In addition to informing the authorities of your company’s bankruptcy, you’ll need to notify your customers, employees and suppliers. You’ll also need to think of other formalities such as resolving your corporate banking situation, which will help you cease your activities and avoid unpleasant financial surprises.

Tax requirements when closing a business 

As a Canadian company, you are required to pay federal and provincial taxes based on your activity. Of course, your tax obligations cease as soon as you close your business, but you must inform them of the closure for the change to take effect.

Income tax collected by the CRA and Revenu Québec

Once you are completely up to date with your federal and provincial taxes, (once your last notices of assessment have been processed and you have no overdue taxes or outstanding debts), you can proceed to closing your business dealings with the CRA and Revenu Québec.

You will need to fill out separate forms to terminate your tax ID number with each agency. Note that business closure forms should not be filled out if your company is merging. A merger is a different situation than a company truly ceasing its activities.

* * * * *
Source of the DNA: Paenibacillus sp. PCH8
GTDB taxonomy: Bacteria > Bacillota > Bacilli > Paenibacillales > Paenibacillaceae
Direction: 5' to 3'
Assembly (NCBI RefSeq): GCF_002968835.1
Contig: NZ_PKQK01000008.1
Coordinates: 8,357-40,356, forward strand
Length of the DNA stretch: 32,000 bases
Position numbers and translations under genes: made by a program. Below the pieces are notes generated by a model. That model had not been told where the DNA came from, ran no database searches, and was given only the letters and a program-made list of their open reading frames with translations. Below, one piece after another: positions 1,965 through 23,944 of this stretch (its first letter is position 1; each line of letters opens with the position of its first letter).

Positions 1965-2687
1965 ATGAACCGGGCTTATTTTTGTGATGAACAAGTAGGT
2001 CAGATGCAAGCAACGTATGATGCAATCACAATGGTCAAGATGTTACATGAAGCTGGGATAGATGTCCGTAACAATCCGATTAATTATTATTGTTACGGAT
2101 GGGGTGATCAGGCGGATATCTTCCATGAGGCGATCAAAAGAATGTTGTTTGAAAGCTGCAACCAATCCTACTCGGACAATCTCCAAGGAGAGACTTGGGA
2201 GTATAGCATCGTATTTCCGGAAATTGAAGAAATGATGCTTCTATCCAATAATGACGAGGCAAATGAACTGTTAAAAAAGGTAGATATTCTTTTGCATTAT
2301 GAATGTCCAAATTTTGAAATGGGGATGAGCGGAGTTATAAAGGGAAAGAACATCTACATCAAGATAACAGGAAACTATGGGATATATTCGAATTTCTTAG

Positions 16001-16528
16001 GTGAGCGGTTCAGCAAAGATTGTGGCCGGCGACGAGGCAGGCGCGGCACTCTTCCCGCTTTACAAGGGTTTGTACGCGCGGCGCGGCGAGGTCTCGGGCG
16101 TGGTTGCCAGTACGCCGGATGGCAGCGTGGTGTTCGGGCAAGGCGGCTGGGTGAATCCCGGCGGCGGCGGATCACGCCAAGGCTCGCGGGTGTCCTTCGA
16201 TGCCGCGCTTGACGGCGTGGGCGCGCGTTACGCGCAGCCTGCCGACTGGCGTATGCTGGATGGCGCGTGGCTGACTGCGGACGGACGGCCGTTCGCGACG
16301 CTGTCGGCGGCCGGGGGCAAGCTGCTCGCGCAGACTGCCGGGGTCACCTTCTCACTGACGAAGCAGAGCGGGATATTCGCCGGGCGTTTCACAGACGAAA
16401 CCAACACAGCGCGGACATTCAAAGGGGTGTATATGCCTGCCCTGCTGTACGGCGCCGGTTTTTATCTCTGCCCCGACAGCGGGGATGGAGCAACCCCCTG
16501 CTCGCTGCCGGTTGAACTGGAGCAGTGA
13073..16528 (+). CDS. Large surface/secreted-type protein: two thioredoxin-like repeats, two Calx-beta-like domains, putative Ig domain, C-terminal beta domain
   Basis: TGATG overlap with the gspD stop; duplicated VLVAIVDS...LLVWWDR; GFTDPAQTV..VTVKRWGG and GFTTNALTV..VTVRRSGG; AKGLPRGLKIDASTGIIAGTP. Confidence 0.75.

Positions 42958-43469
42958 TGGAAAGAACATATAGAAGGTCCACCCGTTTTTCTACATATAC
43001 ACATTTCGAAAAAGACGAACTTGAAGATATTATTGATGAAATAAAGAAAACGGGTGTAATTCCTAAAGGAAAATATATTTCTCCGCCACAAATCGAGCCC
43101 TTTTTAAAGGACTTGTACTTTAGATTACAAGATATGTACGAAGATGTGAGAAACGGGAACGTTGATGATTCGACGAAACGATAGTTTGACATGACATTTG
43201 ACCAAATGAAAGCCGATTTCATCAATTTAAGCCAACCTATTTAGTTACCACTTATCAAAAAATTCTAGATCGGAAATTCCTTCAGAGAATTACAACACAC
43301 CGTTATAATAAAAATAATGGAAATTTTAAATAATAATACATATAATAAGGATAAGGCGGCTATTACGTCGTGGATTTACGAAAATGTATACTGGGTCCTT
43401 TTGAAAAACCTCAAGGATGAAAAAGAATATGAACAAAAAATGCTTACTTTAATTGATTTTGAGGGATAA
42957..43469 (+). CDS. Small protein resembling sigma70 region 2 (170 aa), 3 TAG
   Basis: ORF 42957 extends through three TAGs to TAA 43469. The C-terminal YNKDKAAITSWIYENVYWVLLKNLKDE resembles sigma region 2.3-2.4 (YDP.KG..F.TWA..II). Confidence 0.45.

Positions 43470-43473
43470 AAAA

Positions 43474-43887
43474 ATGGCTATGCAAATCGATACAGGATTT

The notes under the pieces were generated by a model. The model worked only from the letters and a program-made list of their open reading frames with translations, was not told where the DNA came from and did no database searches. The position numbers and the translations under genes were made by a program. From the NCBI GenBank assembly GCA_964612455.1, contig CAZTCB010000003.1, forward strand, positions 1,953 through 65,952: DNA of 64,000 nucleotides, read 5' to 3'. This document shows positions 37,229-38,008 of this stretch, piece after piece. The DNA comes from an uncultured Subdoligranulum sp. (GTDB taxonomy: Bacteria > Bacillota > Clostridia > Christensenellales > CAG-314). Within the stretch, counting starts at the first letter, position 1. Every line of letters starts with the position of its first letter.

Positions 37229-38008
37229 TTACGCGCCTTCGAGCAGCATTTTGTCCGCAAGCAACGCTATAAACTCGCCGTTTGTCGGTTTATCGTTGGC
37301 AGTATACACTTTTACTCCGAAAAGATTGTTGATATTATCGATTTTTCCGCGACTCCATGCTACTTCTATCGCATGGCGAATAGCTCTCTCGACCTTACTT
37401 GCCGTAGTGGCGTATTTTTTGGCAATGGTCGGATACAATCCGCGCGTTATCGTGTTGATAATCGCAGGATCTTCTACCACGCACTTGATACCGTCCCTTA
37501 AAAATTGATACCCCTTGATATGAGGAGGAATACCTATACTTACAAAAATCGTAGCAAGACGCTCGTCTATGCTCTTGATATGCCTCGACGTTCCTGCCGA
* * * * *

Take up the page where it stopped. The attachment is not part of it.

When it comes to Revenu Québec, the procedure for closing a business can differ depending on the reason for the closure. Find out more online or get help from a qualified tax specialist.

Sales tax

While your business was operational, it paid taxes to the government. Now that you are closing your business, these payments will need to stop. As mentioned above, you’ll need to cancel your GST and QST registration and any other taxes your business was subject to while operational.

Once again, depending on the nature and scope of your business, it’s a good idea to check with Revenu Québec or get help from a tax expert.

T2inc can help you close your business

When closing your business, it’s important to be diligent and thorough in order to ensure that you don’t forget any steps. You need to make absolutely sure that no debts or administrative tasks are left when you finally cease your activities. If you want professional support to ensure that no detail is left behind, feel free to contact us. Our corporate tax specialists in Montreal have years of experience guiding business owners through the process of closing their company.

Frédéric Roy-Gobeil


As President of T2inc.ca and an entrepreneur at heart, I have founded many start-ups such as delve Labs and T2inc.ca. A former tax specialist at Ernst & Young, I am also a member of the Ordre des comptables professionnels agréés CPA and have a master's degree in taxation from the Université de Sherbrooke. With a passion for the world of entrepreneurship and the growth mindset, I have authored numerous articles and videos on the industry and the business world, as well as on accounting, taxation, financial statements and financial independence.